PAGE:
The lawyer who blew J.K. Rowling’s cover as the author of detective novel The Cuckoo’s Calling has been fined £1,000 for breaching privacy rules, the BBC reported. Rowling had penned the book under the pseudonym Robert Galbraith but was revealed as its true writer in July after The Sunday Times ran a story outing her. Chris Gossage, a partner at Russells Solicitors, had confided in his wife’s best friend that Rowling had written the book and that person then revealed the information in the course of a Twitter exchange with a journalist. Rowling swiftly took legal action against those responsible. They apologized, and agreed to pay Rowling’s legal fees as well as making a substantial donation to the Soldiers’ Charity. The more recent fines were applied by the UK’s Solicitors Regulation Authority. Sales of Cuckoo’s Calling skyrocketed after the Harry Potter creator’s identity was made public. Read More »
Harry Potter may have hung up his Firebolt, but his creator J.K. Rowling is not entirely done with the boy wizard. In September, Warner Bros and the author announced they were putting a new film series in the works starting with Fantastic Beasts And Where To Find Them, an original story based on the Hogwarts textbook that appears on a reading list in the first Potter tome. Now, Rowling is taking Harry to the London stage. She will collaborate with a writer on, but not pen herself, a new play about the early years of The Boy Who Lived. Rowling will also be a co-producer on the project with Sonia Friedman (The Book Of Mormon) and Colin Callender, the former HBO Films president who’s busy in the UK with a Dangerous Liaisons adaptation percolating at the BBC as well as a miniseries based on Hilary Mantel’s Wolf Hall and Bring Up The Bodies. The Daily Mail‘s Baz Bamigboye got the jump on the story late this week, and since then, a posting to Rowling’s Facebook page says the as-yet untitled play will unveil what it was like to be the boy in the cupboard under the stairs at No. 4 Privet Drive. Read More »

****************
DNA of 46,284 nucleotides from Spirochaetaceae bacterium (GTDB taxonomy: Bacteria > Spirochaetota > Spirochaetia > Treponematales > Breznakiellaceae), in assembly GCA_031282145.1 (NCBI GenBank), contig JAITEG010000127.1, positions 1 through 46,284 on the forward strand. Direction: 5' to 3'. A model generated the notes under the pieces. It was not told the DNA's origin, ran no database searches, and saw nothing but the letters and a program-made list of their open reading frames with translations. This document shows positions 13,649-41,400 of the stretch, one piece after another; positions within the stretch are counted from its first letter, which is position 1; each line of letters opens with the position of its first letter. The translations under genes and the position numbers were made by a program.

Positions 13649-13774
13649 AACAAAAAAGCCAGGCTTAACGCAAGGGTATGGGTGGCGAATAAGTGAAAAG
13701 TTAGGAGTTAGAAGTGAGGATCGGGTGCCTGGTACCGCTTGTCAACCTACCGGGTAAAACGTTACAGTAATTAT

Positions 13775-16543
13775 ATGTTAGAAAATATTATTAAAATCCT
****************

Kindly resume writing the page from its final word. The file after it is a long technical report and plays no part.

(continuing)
Expanding their longterm, lucrative partnership on the Harry Potter franchise, Warner Bros and author J.K. Rowling are putting a new film series in the works. Rowling will make her screenwriting debut on Fantastic Beasts And Where To Find Them, an original story based on the Hogwarts textbook that appears on a reading list in the first Potter tome, Harry Potter And The Philosopher’s Stone. This is the first in a planned series of films and will feature magical creatures and characters from the Potter mythology, including the textbook’s fictitious author, Newt Scamander. Rowling says it’s not a sequel or a prequel to the Potter adventures, but will kick off in New York, 70 years before Harry’s story starts. No timeline or director has been identified yet. If the films follow the Harry Potter process, they’ll make use of Warner Bros’ Leavesden studios outside London which Warner acquired and revamped after the last Potter film was shot. Warner Bros noted today that the relationship between Rowling and the studio will be managed in London by Neil Blair of Rowling’s literary agency The Blair Partnership, and by Warner UK, Ireland and Spain chief Josh Berger.